Trombonist and double bassist Chris Barber, one of the key figures in British jazz, has died aged 90.
As well as being at the vanguard of the trad jazz revival, first with Ken Colyer’s Jazzmen and then leading his own bands, Barber played a crucial role in the development of British rock’n’roll. In 1955, he recorded a version of “Rock Island Line” with his banjo player Lonnie Donegan that became the first debut vocal record to be certified gold in the UK, sparking the skiffle boom.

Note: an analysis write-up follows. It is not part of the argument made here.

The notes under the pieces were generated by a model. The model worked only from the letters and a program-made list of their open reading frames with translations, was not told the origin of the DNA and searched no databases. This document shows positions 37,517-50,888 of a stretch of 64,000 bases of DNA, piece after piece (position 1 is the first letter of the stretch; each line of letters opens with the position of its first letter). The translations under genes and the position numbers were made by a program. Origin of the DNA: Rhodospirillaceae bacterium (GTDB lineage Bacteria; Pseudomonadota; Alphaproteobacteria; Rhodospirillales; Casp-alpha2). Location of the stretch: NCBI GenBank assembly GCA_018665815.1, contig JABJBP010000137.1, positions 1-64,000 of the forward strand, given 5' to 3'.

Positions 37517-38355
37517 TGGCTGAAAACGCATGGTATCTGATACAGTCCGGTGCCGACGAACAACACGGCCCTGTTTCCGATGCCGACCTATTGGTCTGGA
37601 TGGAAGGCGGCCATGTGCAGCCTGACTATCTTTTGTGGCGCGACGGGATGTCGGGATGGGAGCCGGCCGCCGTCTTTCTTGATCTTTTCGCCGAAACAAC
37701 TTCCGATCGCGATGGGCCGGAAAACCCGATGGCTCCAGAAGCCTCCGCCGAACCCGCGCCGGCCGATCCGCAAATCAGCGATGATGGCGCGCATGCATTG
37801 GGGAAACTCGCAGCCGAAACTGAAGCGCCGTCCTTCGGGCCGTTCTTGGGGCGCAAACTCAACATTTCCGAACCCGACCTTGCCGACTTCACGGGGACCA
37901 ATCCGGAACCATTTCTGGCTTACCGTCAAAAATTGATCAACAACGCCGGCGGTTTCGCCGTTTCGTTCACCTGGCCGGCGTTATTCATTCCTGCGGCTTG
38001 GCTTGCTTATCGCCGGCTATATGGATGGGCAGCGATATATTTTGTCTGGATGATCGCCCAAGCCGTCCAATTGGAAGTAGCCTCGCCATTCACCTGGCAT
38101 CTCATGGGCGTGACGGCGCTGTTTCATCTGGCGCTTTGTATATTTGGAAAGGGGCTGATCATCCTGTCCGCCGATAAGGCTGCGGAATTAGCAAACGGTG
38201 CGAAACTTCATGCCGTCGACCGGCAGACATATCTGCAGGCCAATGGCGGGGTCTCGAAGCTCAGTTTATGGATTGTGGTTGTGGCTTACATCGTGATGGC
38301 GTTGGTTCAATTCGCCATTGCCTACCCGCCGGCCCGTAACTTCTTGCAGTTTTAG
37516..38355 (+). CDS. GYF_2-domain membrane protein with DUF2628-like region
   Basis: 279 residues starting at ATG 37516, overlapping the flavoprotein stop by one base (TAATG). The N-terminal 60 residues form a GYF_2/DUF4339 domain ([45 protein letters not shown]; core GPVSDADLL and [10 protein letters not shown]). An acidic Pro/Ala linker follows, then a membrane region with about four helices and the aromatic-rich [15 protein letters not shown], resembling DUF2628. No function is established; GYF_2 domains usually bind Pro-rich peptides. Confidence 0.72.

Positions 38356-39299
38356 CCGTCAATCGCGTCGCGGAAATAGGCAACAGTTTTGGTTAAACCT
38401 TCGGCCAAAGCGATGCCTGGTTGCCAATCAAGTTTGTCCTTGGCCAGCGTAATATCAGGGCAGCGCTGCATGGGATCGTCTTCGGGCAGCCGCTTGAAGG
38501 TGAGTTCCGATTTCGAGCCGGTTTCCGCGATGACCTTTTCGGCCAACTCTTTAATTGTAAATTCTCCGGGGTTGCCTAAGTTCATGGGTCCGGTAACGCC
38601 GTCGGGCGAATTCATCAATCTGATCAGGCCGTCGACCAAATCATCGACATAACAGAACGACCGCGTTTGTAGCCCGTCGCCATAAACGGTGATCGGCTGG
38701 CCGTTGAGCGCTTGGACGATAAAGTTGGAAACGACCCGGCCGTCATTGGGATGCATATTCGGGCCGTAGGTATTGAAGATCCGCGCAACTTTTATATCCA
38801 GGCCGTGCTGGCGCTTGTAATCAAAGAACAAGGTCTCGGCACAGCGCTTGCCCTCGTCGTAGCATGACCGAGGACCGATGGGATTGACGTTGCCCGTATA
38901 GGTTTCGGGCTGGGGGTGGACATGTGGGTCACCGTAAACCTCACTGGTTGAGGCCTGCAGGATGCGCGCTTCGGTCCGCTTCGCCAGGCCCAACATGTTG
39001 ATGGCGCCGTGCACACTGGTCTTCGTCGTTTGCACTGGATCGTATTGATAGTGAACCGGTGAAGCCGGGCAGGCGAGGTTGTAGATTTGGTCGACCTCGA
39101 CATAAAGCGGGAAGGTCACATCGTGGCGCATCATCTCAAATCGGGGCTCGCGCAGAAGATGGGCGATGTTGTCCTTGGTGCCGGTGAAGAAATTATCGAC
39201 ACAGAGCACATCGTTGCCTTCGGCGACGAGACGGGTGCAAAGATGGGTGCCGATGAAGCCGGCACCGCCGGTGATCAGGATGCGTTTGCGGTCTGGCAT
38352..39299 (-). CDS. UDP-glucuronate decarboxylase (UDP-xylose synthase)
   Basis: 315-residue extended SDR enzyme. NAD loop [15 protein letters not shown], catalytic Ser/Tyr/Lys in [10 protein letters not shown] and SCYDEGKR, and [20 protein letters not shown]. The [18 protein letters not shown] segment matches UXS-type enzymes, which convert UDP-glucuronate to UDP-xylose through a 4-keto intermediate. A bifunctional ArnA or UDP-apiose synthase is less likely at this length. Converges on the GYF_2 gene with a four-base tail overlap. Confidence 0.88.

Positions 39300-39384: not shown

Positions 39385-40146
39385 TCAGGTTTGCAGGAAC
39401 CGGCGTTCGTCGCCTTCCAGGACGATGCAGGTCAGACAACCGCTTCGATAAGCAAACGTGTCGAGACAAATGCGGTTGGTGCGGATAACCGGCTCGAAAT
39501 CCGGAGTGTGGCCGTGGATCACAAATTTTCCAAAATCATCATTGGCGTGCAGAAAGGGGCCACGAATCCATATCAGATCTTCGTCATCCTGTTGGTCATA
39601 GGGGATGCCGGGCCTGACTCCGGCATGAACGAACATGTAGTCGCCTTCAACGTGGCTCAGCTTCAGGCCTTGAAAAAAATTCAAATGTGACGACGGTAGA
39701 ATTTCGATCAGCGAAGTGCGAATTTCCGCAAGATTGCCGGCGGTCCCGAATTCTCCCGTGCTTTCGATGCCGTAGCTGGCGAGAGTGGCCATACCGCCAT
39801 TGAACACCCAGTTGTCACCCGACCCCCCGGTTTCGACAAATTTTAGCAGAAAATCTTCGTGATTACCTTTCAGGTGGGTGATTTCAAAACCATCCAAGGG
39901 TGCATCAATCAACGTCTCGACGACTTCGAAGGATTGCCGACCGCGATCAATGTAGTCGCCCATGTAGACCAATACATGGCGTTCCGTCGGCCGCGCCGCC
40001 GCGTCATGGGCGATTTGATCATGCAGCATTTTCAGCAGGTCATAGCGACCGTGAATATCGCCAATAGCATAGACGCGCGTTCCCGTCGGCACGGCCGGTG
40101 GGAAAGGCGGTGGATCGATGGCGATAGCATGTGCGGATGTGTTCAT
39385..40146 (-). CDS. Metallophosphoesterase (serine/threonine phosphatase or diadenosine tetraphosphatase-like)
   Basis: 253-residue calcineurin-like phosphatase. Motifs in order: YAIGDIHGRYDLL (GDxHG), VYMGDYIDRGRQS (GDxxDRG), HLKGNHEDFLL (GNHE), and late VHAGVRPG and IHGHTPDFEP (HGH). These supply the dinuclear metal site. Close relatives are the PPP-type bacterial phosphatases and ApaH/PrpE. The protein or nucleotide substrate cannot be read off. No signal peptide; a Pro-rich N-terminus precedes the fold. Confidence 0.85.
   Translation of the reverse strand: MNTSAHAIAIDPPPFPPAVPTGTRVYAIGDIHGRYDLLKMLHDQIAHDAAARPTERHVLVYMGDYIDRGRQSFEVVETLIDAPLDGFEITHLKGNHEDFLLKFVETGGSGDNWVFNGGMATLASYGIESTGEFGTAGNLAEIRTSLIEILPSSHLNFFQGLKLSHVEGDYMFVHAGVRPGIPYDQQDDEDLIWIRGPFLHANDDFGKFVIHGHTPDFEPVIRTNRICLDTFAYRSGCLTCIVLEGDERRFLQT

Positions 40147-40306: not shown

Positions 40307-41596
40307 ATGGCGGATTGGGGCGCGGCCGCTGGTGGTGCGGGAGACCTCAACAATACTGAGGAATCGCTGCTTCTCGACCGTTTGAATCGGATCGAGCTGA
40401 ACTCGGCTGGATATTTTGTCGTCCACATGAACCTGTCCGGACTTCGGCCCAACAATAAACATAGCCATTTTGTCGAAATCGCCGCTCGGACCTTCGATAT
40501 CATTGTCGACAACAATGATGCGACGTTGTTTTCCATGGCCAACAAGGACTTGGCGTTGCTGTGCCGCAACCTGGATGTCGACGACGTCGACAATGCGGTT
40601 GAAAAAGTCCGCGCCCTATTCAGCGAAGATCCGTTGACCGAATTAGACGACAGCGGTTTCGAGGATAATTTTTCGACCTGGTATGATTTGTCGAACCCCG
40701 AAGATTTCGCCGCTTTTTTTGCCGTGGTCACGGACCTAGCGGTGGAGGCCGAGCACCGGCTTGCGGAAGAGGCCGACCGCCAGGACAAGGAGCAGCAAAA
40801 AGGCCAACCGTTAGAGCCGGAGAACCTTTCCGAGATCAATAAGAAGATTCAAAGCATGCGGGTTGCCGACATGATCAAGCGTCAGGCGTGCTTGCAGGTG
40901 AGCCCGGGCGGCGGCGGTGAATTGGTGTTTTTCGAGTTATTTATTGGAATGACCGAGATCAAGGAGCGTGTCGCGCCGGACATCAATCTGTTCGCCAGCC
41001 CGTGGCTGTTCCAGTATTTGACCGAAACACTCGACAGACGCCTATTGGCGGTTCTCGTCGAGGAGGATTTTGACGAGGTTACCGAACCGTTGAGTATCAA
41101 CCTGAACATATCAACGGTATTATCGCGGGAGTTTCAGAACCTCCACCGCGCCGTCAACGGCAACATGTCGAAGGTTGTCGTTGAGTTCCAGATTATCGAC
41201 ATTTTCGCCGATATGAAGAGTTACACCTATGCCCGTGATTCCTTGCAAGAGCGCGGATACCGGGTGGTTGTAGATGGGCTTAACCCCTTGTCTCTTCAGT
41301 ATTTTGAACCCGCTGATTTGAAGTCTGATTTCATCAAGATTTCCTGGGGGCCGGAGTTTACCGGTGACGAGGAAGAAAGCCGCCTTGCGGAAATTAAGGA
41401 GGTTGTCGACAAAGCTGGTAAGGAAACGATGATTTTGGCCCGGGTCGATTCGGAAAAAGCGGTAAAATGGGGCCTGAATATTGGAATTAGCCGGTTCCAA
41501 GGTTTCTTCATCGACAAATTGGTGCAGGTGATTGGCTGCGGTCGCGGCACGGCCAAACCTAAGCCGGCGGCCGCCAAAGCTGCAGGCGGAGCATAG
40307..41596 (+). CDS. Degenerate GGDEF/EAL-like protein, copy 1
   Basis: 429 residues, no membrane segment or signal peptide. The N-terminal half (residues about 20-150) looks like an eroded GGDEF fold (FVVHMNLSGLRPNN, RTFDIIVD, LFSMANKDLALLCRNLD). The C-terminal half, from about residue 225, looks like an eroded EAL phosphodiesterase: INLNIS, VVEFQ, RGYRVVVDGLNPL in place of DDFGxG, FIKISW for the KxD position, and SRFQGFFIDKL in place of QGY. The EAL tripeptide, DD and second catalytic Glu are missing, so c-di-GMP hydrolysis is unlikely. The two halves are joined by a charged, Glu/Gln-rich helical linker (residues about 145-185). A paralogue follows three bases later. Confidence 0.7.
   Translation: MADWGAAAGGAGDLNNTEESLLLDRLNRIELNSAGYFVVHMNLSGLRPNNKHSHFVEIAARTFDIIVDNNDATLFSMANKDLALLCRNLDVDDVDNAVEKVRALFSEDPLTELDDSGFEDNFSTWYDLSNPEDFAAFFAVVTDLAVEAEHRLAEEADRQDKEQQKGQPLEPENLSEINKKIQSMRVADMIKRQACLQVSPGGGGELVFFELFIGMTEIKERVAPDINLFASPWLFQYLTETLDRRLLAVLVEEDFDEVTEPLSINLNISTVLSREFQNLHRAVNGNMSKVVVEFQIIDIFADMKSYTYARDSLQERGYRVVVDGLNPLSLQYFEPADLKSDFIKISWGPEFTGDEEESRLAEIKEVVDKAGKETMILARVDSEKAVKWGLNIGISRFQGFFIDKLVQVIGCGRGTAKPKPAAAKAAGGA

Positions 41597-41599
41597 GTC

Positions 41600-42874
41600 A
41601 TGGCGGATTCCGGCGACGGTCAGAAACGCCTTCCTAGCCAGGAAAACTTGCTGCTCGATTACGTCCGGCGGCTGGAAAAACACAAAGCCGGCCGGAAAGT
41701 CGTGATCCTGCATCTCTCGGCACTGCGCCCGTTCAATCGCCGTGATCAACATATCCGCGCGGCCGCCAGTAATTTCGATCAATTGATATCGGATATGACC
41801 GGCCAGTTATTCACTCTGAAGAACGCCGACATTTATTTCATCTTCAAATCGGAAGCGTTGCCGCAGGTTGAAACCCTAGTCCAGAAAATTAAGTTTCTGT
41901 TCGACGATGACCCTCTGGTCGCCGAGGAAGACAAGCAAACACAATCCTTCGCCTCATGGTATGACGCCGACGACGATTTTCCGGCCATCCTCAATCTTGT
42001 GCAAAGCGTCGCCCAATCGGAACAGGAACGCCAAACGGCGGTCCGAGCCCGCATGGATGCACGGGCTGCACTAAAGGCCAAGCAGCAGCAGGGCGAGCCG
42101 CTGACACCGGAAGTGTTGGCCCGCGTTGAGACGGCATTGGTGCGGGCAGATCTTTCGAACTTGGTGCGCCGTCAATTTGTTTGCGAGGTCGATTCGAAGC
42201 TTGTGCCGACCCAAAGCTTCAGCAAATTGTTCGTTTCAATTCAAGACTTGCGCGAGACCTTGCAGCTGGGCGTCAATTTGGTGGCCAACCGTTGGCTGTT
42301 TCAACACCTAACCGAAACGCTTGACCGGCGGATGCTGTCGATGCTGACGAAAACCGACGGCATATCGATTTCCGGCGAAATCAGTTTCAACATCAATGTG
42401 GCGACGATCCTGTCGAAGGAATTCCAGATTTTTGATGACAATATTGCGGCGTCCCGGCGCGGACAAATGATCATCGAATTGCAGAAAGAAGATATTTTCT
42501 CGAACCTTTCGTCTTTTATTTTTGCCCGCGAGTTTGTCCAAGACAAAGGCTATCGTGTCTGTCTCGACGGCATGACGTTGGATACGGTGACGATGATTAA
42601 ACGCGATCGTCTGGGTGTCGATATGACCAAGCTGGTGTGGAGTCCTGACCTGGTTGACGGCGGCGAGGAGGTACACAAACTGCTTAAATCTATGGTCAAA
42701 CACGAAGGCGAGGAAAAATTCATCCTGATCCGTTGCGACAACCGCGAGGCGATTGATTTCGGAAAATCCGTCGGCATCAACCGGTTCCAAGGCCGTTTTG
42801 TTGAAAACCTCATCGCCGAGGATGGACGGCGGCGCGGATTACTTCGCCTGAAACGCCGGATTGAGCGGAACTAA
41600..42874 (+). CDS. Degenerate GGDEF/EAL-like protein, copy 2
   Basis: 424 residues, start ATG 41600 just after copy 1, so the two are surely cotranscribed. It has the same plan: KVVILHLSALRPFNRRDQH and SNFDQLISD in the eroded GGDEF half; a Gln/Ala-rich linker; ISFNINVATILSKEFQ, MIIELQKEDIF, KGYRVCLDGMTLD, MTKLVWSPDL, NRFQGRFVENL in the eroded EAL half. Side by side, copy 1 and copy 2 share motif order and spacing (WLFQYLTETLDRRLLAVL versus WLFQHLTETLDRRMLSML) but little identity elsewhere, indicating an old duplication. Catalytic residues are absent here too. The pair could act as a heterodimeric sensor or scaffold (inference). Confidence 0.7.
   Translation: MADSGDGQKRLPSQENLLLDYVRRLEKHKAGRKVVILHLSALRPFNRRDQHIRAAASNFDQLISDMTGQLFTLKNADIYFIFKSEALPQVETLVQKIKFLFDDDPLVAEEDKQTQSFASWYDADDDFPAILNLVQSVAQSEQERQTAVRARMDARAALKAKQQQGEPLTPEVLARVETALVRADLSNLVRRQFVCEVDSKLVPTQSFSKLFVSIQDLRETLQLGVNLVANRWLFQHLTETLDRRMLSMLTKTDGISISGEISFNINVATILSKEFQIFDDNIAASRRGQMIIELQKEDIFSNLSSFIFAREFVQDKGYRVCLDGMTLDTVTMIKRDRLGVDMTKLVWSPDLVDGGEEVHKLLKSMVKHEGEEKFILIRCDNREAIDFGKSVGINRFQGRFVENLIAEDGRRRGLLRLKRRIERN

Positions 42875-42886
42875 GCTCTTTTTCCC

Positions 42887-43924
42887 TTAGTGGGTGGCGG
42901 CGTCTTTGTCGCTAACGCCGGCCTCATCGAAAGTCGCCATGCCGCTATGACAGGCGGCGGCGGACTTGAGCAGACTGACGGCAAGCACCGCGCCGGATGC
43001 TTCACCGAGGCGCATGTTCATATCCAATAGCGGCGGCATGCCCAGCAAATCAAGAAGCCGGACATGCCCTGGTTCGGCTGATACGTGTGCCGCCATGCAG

In the late 1950s and early ’60s, Barber was responsible for bringing blues artists such as Big Bill Broonzy, Sister Rosetta Tharpe and Muddy Waters to Britain, incorporating blues elements into his own music. He collaborated with Rory Gallagher – on cult 1972 album Drat That Fratle Rat – and later played with the likes of Van Morrison and Jools Holland.
Barber had recently been suffering from dementia, although he only officially retired from performing in 2019.